By Rod Moser, PA, PhD
We just came home from three weeks traveling abroad. Thankfully, other than my own age-related physical limitations, we had a trouble-free trip. Last year, I ended up in an Austrian Emergency Room, so we were well-prepared for just about anything this time.
Even the most carefully-planned trip can be ruined by an unexpected medical crisis. So, if you’re heading out on a vacation – especially overseas – there are a few things you might want to make sure to bring to help head off any trouble:
1. Prescription Medications. Many travel experts recommend that you carry written prescriptions or keep them in the original containers, but I am not so sure. We just put our daily dosages of medications in those compartmentalized plastic boxes (available at all pharmacies); enough for each day of the trip and a few extra days. Make sure to wrap the plastic boxes in plastic wrap or a tight plastic bag in case they accidentally pop open in your bags. Write down what you are taking, or get a computer print-out of all of medication, dosages, etc. from your medical provider or pharmacy. Make sure to have the generic names since brand-names tend to be country specific. For instance, you can ask for ibuprofen (generic name) at a foreign pharmacy, but if you ask for Advil or Motrin (brand name), they will look confused and may have to look it up on their computer to find an equivalent. Don’t put all of your medications in one bag in case it is lost or misrouted. Always have some in your carry-on bag. Diabetics on insulin should bring an ample supply, including syringes. If you use an EpiPen (for severe allergies), bring several with you, putting one in each bag (especially your carry-on).
2. Over-the Counter Medications. Don’t just assume you can find your favorite over-the-counter medications in other countries – if there are certain ones you think you can’t live without, you may want bring them with you. Try to avoid bringing a huge (heavy) bottle of liquid antacids, for instance, since the TSA frowns on any liquid containers over 3 ounces. We even had a little hassle since our containers do not actually have the words: “three ounces” or 100 ml. If you think you can buy equivalent over-the-counter medications at your foreign destination, don’t carry them. You will find foreign pharmacists well-trained and helpful. Many have the authority to prescribe (even your prescriptions). Language can be a minor barrier (especially medical language) but in most cases, pharmacists will figure it out for you.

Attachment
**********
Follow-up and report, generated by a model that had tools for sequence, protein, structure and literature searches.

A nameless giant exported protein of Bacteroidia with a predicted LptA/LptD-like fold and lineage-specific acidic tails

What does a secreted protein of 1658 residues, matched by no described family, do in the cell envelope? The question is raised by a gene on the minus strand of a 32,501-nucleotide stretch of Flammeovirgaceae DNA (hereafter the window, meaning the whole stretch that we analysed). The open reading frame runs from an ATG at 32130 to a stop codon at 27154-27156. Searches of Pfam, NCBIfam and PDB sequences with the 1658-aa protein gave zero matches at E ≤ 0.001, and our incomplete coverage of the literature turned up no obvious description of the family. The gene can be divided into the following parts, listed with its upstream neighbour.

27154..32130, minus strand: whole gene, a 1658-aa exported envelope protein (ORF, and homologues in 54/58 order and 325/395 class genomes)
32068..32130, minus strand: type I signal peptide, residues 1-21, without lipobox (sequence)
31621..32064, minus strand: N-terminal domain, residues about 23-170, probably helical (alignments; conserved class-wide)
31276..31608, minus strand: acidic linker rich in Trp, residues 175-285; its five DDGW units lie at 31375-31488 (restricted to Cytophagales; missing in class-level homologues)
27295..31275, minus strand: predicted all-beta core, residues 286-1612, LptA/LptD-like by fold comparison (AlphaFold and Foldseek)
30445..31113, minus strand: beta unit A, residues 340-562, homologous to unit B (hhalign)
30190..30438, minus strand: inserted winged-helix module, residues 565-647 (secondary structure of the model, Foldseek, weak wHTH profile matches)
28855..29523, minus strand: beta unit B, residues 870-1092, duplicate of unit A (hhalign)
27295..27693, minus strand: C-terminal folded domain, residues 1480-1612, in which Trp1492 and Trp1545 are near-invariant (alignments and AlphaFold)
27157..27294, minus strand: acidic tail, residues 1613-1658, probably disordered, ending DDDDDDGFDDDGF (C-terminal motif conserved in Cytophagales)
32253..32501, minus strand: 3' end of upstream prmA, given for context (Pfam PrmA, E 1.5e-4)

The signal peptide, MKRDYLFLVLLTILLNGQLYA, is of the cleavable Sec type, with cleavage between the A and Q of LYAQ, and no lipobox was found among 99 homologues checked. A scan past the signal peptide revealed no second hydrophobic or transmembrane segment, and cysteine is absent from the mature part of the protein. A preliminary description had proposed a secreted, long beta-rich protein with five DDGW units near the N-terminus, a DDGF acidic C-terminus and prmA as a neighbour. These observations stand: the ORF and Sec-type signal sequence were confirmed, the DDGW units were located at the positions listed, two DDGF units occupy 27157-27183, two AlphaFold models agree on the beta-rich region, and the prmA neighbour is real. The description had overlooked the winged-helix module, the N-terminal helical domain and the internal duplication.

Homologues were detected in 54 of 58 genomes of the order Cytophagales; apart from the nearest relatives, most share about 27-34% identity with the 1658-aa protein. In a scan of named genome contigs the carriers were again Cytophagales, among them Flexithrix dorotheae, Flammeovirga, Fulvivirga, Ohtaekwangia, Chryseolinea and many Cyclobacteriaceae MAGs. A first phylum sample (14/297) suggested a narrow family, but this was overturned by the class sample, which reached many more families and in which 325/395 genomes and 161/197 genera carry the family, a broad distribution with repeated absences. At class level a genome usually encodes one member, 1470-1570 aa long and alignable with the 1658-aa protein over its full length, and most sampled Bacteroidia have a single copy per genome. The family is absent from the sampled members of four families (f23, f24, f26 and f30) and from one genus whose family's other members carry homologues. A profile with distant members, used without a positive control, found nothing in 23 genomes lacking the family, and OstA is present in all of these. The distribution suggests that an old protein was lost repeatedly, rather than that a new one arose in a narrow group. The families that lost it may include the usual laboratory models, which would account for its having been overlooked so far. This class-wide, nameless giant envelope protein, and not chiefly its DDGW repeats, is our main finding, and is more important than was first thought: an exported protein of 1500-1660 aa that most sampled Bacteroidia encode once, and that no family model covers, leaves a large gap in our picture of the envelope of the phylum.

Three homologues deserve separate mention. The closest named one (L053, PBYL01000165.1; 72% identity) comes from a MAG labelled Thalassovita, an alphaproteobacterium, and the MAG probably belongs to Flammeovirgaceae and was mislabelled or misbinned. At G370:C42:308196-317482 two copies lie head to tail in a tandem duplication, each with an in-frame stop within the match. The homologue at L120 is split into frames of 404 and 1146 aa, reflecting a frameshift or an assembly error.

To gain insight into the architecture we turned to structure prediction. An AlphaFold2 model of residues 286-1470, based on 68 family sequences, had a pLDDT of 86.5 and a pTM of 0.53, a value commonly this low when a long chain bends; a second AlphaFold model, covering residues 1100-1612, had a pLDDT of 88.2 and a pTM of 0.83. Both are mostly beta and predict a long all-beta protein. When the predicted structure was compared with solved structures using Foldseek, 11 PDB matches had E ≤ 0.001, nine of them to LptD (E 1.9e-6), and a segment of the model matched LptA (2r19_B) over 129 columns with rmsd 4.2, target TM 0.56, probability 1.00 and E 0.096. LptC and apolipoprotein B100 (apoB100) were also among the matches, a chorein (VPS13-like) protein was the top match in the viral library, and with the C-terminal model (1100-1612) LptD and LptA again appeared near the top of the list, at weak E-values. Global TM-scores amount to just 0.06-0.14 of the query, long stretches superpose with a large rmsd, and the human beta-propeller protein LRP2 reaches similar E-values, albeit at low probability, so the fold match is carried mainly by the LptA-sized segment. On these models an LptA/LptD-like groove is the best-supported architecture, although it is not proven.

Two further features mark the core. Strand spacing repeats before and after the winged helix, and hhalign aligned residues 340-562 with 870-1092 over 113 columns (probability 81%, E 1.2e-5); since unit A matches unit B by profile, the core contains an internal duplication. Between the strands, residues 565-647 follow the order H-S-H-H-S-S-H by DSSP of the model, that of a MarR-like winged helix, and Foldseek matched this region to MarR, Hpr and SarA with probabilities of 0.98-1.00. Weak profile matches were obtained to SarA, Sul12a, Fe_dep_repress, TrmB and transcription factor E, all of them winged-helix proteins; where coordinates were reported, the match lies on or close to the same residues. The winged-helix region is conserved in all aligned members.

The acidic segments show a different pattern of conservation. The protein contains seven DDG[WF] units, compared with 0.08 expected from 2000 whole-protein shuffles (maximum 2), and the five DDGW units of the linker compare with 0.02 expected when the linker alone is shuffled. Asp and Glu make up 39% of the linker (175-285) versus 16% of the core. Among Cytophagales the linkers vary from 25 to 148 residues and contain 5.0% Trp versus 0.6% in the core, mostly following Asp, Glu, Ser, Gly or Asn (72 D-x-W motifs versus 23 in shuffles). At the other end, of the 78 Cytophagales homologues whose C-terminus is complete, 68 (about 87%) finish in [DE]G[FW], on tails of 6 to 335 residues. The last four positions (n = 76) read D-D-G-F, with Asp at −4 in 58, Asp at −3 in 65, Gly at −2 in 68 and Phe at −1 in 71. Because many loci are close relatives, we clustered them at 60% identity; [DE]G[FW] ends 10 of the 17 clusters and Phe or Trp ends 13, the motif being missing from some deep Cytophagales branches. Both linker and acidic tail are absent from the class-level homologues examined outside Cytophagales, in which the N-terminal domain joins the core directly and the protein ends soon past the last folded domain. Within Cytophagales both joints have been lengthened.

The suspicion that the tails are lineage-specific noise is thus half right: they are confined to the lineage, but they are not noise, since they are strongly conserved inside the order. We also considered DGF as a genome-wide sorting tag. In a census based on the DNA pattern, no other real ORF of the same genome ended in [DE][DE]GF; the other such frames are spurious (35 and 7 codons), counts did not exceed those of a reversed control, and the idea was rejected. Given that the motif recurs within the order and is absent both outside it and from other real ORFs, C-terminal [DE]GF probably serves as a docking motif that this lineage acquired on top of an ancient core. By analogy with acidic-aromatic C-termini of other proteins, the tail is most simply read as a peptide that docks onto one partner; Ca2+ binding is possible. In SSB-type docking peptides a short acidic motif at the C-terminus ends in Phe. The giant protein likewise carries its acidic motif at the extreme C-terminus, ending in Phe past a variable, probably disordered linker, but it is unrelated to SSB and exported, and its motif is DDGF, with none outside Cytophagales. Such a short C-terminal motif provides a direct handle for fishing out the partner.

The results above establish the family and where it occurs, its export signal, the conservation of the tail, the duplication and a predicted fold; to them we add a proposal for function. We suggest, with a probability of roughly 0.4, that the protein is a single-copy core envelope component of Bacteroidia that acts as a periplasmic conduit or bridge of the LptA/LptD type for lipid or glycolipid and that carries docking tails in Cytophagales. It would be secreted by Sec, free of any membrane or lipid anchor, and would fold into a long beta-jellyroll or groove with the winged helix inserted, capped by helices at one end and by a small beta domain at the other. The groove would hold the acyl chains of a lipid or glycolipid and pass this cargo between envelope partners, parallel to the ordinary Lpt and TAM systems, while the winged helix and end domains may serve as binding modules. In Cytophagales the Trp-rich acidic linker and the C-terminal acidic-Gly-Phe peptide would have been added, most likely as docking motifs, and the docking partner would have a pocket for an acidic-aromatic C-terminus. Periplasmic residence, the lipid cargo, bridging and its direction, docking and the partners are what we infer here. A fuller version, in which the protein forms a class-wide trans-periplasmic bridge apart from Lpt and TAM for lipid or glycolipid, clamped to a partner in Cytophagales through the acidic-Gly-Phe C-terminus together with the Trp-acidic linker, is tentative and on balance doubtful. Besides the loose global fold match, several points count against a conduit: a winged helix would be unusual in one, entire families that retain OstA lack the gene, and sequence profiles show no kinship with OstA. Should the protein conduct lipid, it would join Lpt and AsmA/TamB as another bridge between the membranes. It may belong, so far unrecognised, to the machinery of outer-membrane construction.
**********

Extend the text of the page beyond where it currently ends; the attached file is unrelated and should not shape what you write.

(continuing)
3. Medical Information: Have the name, e-mail, phone numbers, etc. of your doctors with you. If you don’t carry a cell phone that works in a foreign country, at least have a Skype account that you can use to make inexpensive calls if needed. Make sure you have a list of any drug allergies or special medical needs. Carry copies of your medical insurance cards. It is a good idea to check with your insurance company BEFORE you travel, to inquire what you are to do should you need medical care at your destination. Make sure your Social Security number (you should have it memorized anyway) is blacked out on any copy. Don’t ever carry your original Social Security card.
4. Money and Credit Cards. Carry at least two different credit or ATM cards, and protect them with your life! Some charge a foreign transaction fee; some do not. I had to use an emergency room, so they required that I pay the “usual” co-payment up front. They took a credit card and provided a receipt that I could use for possible reimbursement once I returned home. As a rule, medical care out of the country is not as expensive as going to an American emergency room or pharmacy. It took about a month or so before I was sent a bill for the remaining care. It took about four months more before my own insurance company reimbursed me. The paperwork and hassle at home was worse than the ER experience.
5. Travel Insurance: I didn’t get extra insurance this time, since the insurance I used last year ended up to be worthless. Be sure to read the fine print, as many travel health policies are “secondary” insurances and only kick in what your regular health insurance doesn’t pay (minus a deductible). I suspect some travel insurance companies may be good, but mine was not. If you do get extra insurance, do your homework.
Plan your trip well. Pack light, but thoroughly. And have a great vacation!